[Hpn] Troubled youth finding shelter in east Atlanta

coh coh@sfo.com
Thu, 05 Jul 2001 12:37:20 -0700


The Atlanta Journal-Constitution

Gay teenagers find a home at the end of the Rainbow
Troubled youth finding shelter in east Atlanta

Ahan Kim - Staff
Thursday, July 5, 2001

Wrapped in the only clothes he owned, the lonely teenager wandered from park
bench to MARTA station searching for a place to sleep on the cold January

Bruce Cunningham had lived in foster care, a mental hospital and uneasily
with a mother who ultimately kicked him out of their Gwinnett County home
because, he says, she couldn't cope with her son's being gay.

Cunningham then lived on the streets for several nights, with friends and in
homeless shelters where he didn't feel welcome because he was gay.

Finally, Cunningham landed at Rainbow Home, a shelter for gay teenagers and
young adults that is the only facility of its kind in metro Atlanta.

"If the Rainbow Home didn't come into my life when it did, I'd probably be
dead," said Cunningham, now 19. "It gave me the comfort I've been looking
for my whole life."

A tiny, three-bedroom bungalow in east Atlanta, Rainbow Home looks more like
a couple's modest first house than a shelter. It serves young people who are
lesbian, gay, bisexual or unsure of their sexual orientation.

Such teenagers would likely be harassed, beaten or even raped at large
homeless shelters that serve the general population, advocates for gays say.

"All of these kids came in at one point suicidal," said Kyle Anderson,
program manager for Rainbow Home. "They're frustrated. They don't have
anywhere stable to live, don't have any money and arrive with a lot of
experimentation with drugs as a way to cope with some of the things that
have happened to them."

Since it opened 18 months ago, Rainbow Home has provided food, temporary
shelter and support to more than 50 young people aged 17 to 21. The facility
also provides free medical care, psychological counseling and programs to
help the youths develop good job and life skills.

The shelter is operated by CHRIS Homes, an agency that manages group homes
for homeless children and families across metro Atlanta.

Some of the young people who seek help at Rainbow Home are HIV-positive.
About 80 percent of those served are black men.

About 90 percent of Rainbow Home residents have been high school dropouts.

National studies show that almost a third of gay teenagers report some
harassment or violence at school, and 97 percent of public high school
students report regularly hearing homophobic remarks at school.

In a recent survey, more than 40 percent of high school guidance counselors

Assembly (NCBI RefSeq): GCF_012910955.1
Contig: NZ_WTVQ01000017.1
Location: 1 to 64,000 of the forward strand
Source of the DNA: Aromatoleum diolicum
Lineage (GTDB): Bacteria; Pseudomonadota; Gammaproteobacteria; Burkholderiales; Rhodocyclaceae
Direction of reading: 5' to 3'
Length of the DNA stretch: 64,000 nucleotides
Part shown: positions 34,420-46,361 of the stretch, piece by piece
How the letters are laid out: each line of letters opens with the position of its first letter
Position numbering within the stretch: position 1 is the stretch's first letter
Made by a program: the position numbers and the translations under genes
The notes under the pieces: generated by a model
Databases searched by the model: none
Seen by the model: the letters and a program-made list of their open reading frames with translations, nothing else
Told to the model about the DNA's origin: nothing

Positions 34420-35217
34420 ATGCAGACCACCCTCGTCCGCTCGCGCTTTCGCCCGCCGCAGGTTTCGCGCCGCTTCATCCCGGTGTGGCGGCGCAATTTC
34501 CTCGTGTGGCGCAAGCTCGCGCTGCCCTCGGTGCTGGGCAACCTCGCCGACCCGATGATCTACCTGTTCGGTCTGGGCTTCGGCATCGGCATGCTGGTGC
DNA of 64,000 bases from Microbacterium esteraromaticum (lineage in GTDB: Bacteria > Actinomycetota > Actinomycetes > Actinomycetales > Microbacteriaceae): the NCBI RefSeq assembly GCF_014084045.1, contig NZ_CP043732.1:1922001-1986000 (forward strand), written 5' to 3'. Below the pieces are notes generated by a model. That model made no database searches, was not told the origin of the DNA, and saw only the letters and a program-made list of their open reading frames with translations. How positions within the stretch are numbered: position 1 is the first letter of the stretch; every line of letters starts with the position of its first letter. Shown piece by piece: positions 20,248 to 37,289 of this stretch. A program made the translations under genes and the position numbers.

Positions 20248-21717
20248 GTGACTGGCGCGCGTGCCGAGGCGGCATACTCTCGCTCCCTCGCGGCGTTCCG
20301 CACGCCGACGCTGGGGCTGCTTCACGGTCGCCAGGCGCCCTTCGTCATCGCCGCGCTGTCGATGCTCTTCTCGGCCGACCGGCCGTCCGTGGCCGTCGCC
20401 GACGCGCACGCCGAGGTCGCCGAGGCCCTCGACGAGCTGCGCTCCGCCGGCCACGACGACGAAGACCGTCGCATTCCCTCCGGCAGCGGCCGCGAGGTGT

in metro Atlanta who conceded they knew of gay students being harassed, said
the students would likely not feel safe at school.

Steve Epstein, executive director of Enlight Atlanta, which conducted the
survey of 110 metro Atlanta public and private high schools, said the study
confirmed what activists long feared: School officials often ignore
harassment of gay students.

"The reason why Rainbow Home is so busy is because so many kids give up on
their schools," Epstein said. "These kids need a place where they can
express themselves --- without the fear that they will be harassed."

Rainbow Home is funded through $180,000 in federal grants as well as by the
United Way and private donations. The shelter can only provide six beds at a
time, although two additional beds are available for emergencies. Anderson
said the shelter must turn away far more kids than it can accommodate.

CHRIS Homes rents the house the shelter now occupies, but organizers hope to
buy another, larger house soon.

Many young people are referred to the shelter by YouthPride, a Decatur-based
community center that serves about 1,500 gay youths a year.

"It's a struggle for these youth to be able to do all the normal things that
normal teenagers get to do," said Asha Leong, program manager at YouthPride.
"It's easier to go to the movies as a straight teenager and hold your
partner's hand." 

Some who arrive at Rainbow Home only stay for one night, said Anderson.
"Some will get back together with a boyfriend that beat them up --- or they
met Mr. Right and moved in with them," she said.

No one pays rent at Rainbow Home, and there's no time limit on how long
residents can stay, as long as they follow the rules.

Curfew is 11 p.m. on weeknights, 1 a.m. on weekends. One of five resident
counselors is on duty at all times.

Residents are expected to find a job or take classes to complete their high
school diploma. No sexual activity is allowed. If a resident fails to return
to the house within 48 hours without notice, their bed goes to another
teenager in need. 

There are, however, second and even third chances. This is Cunningham's
third stint in the house. He was kicked out twice.

He prefers to talk about where he's going, though, and not where he's been.
He has a job at a nearby hardware store and is working on his general
equivalency diploma. He plans to apply to college in the fall and says he
wants to get a nursing degree so he can "help other people."

"I actually consider myself a human being (now)," Cunningham said. "Being
proud of who you are is the most important thing."

--- For more information: (404) 586-0825




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